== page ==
Time to Strike on Iron Ore?
July 4, 2012, 5:43 PM
Time to Strike on Iron Ore?
Deal Journal Australia HOME PAGE
By> Robb M. Stewart
It may be early days, but speculation Europe can make progress resolving its debt crisis, coupled with the prospect of further stimulus in China and the U.S., is encouraging brokers to suggest possible plays on big names in Aussie iron ore.
Moelis & Co. analyst Craig Lang has two pair-trade ideas: going long Rio Tinto and short BHP Billiton, or going long Fortescue Metals Group relative to BHP or Rio, for investors looking to add some risk to their portfolio as their optimism is rising.
The premise is based on the companies exposure to iron ore, which despite weakening from highs last year has remained relatively stable this year, and still offers the big low-cost producers an attractive operating margin.
Rio, BHP and Fortescue are numbers one, two and three in iron ore production in Australia respectively, and the country in turn is the worlds biggest source of the steelmaking commodity.
Bloomberg News The Rio Tinto Group operations center stands in Perth, Australia
Mr. Lang said he expects Rios shares to outperform those of BHPs when investor risk appetite gradually recovers, thanks to the formers greater exposure to iron ore as an earnings driver. Rio outperformed BHP at the start of this year, although the tables have turned since February as, among other things, concerns have heightened over slowing economic growth in China and European debt, he said.
Companies with more concentrated commodity exposure tend to outperform their more diversified, less risky peers when risk appetite recovers, Mr. Lang told Deal Journal Australia. While both are diversified companies, the growth in Rios iron ore contribution has crowded out the contribution [to earnings] from other commodities.
He adds that if a hedge fund were to go long FMG and short Rio or BHP, the trade has historically returned between 30% and 45% in the three to four months following a recovery in risk appetite.
The call comes as investors consider the underperformance of the major mining companies against the broader market. BHP shares, despite a recovery in recent days, are still down roughly 5.7% on the start of the year, and Rios are down about 2.2%. The benchmark S&P/ASX 200 index has risen 2.9% in that time.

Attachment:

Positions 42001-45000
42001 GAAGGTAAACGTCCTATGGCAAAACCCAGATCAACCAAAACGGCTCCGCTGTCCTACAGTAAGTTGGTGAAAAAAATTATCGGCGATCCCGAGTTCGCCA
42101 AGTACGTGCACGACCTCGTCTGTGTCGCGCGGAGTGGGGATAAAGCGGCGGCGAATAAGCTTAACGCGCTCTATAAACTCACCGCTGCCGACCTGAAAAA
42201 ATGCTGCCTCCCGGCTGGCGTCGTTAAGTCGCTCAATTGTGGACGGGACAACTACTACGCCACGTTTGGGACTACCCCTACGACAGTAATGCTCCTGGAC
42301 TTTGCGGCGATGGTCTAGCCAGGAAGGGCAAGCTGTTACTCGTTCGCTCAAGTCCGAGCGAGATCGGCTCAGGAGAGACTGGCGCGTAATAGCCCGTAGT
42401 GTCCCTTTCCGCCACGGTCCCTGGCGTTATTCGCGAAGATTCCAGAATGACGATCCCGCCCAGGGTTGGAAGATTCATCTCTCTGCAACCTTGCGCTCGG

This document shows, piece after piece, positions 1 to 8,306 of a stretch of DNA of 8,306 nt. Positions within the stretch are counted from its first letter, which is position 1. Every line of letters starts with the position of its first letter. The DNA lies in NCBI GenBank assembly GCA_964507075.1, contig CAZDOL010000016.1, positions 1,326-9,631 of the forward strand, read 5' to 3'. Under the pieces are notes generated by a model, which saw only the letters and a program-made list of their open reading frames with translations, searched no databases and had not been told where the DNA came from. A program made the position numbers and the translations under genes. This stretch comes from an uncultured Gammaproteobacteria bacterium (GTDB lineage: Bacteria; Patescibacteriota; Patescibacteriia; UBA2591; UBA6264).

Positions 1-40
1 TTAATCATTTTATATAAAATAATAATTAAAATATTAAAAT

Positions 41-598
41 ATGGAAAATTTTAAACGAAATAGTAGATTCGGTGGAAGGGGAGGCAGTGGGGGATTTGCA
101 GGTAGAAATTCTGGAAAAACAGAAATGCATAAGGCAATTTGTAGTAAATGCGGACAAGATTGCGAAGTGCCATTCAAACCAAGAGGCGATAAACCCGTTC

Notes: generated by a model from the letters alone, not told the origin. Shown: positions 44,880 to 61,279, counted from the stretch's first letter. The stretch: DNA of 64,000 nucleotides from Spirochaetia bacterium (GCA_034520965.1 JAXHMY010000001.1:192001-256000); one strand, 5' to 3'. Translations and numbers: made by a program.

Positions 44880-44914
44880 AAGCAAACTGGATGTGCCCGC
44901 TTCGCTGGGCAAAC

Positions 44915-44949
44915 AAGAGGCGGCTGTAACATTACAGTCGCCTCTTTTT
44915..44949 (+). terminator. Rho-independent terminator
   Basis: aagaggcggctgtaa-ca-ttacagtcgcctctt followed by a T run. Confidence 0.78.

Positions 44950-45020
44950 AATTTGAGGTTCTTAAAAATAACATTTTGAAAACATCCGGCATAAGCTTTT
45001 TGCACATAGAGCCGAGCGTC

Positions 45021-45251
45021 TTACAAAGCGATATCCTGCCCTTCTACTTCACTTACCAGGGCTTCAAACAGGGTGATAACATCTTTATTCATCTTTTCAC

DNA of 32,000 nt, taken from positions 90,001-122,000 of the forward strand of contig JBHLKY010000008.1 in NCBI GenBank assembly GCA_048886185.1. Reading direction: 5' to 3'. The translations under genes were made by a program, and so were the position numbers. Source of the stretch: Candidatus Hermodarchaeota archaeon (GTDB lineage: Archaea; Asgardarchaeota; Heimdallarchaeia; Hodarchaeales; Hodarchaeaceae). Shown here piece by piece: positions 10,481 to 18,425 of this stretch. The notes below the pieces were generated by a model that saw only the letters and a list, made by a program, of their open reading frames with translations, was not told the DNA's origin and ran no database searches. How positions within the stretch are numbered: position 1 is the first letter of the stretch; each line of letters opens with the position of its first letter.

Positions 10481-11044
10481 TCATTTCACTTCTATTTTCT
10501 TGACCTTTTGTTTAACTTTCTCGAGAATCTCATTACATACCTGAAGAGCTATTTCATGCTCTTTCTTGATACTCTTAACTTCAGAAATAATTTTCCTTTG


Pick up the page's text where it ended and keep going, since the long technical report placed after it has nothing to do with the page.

Deutsche Bank this week named both BHP and Rio among its top picks in the mining sector due to their low costs, high margins, quality growth and attractive valuations. That call came even as it decreased its forecasts for commodity prices for the second half of this year and 2013 by an average 5%even though it anticipates a rebound in prices in the fourth quarter of 2012 as growth in China picks up.
Jefferies analyst Christopher LaFemina in London, meanwhile, has published a research report in which he labeled dual Australia- and London-listed BHP the king of quality and the top pick in the U.K. mining sector. The report argued the market is underestimating the companys substantial competitive advantages, as well as the underlying value of its equity.
Moodys Investors Service appears to agree the market may not be giving BHP full credit.
A comparison of the two mining giants suggests BHP has an edge over Rio in terms of size and scale, product diversity, profitability and financial profile, Matthew Moore, a Moodys assistant vice president, said Wednesday after releasing a report on the companies.
Mr. Moore said that both have many similarities and proven abilities in developing and operating large-scale mining projects, but that BHPs petroleum division is the key differentiating factor relative to its mining peers. Indeed, he points out that the high-margin petroleum businessand Rios higher exposure to aluminumled to BHP on average maintaining higher margins and returns over the last five years.